A voice-like cadence running through the family, whose members are children of many gods, telling them they are accustomed to certain kinds of death. Starvation. Salvation: too many burning desires, enough to bring down a house with it. The mother tells her son the best kind of prayer is the one that makes him fear not to open his eyes. He failed to pray, so he kept his eyes wide open all the time and became a phantom in everyone’s dream. He possessed the fearlessness of a ghost.
The mother tripled his daily meal portion. He refused. She threw it out from the blue French door. She wanted him to possess bigger body. He refused, and gazed over a window grate that no longer exists. He told her it reminded him of a cage. She witnessed him coming into the world like a storm without an eye. She knew she could not hold him back forever with only weather forecasts and two hands.
The mother has been sculpting a ghost for her entire life. Long before the son was born, she furnished their humble house with wooden appliances whose archetypes were trees fertilized by human flesh and agent orange. He couldn’t get his mind off it: the fact that everything he slept on were bodies in different forms. He traced his hands across the kitchen tables, trying to feel how the jaw bones arranged themselves, hoping to find a face he knew. In the end, he realized all births are conspiracies conspired by mothers in order to make children believe they will become something other than their parents.
The mother stepped into a room and immediately knew her duty. In fact, every room she stepped into would remind her of survival. She was ready for anything, given there’s no country, only the aftermath of a fire. In the kitchen, she would occasionally simmer oxtail and used the cooking time to breathe. In the washing room (which was a corner of the kitchen), where the fragrance of detergent pervaded the air like neurons, she’d close her eyes and breathe. All lights are hoaxes. Only the dark – how it smells, reminds her of where she came from.
His arousals were nothing like his father’s, which included watching his household explode like in a drama film. He let a boy enter him for the first time at the age of 14, unfastened his waist belt like loosening a safety strap in a car running at 100 km/h into a lake. The more he sank, the more the psalm sounded like something heard from a faraway world. As much as he remembered his father’s singing: tình cha ấm áp như vầng thái dương, he determined that he never deserved the sun at all. And for the other boy: he swore he could weave an armor out of foreskins.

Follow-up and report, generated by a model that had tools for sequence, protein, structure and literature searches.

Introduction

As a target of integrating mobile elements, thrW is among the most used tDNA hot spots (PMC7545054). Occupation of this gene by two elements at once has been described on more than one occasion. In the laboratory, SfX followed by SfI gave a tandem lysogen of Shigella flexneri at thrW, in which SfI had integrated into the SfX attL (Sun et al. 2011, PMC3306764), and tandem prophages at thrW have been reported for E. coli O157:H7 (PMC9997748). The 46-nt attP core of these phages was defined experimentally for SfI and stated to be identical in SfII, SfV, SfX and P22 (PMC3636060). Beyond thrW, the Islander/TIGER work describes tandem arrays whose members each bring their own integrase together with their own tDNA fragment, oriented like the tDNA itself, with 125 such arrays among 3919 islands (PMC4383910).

This is how to sculpt a ghost: to remember how small the proximity between the dead and the living. His life is a fusion of everything from six decades before: things built just to lose their intended structure and collapse in a linearity. Somewhere around that, a farmer emptied a hay-full barn with ten thousand horses and filled it up with daylight. Perhaps he was one of those horses, spending his whole life emptying things with his mouth but the generational nausea wouldn’t spare him.
This is how a ghost knows himself a ghost: the closest he could make to understand family is the longest hair stranded on his mother’s sleeve, or the furthest his words travelled a page, or the light years it took to fully comprehend how hungry the whole family was and continue to be for the rest of their lives.
A tin shack fractures in the middle of a paddy field. The boy emerges from the shack and steps into the rain. As a Vietnamese, he feels the water washing through him like amnesia.
Tam Nguyen is an art writer, poet, born and raised in the sound end of Vietnam. His works appeared and are forthcoming on Heavy Feather Review, SOFTBLOW, Dryland, Roadrunner Review, Overheard, and elsewhere.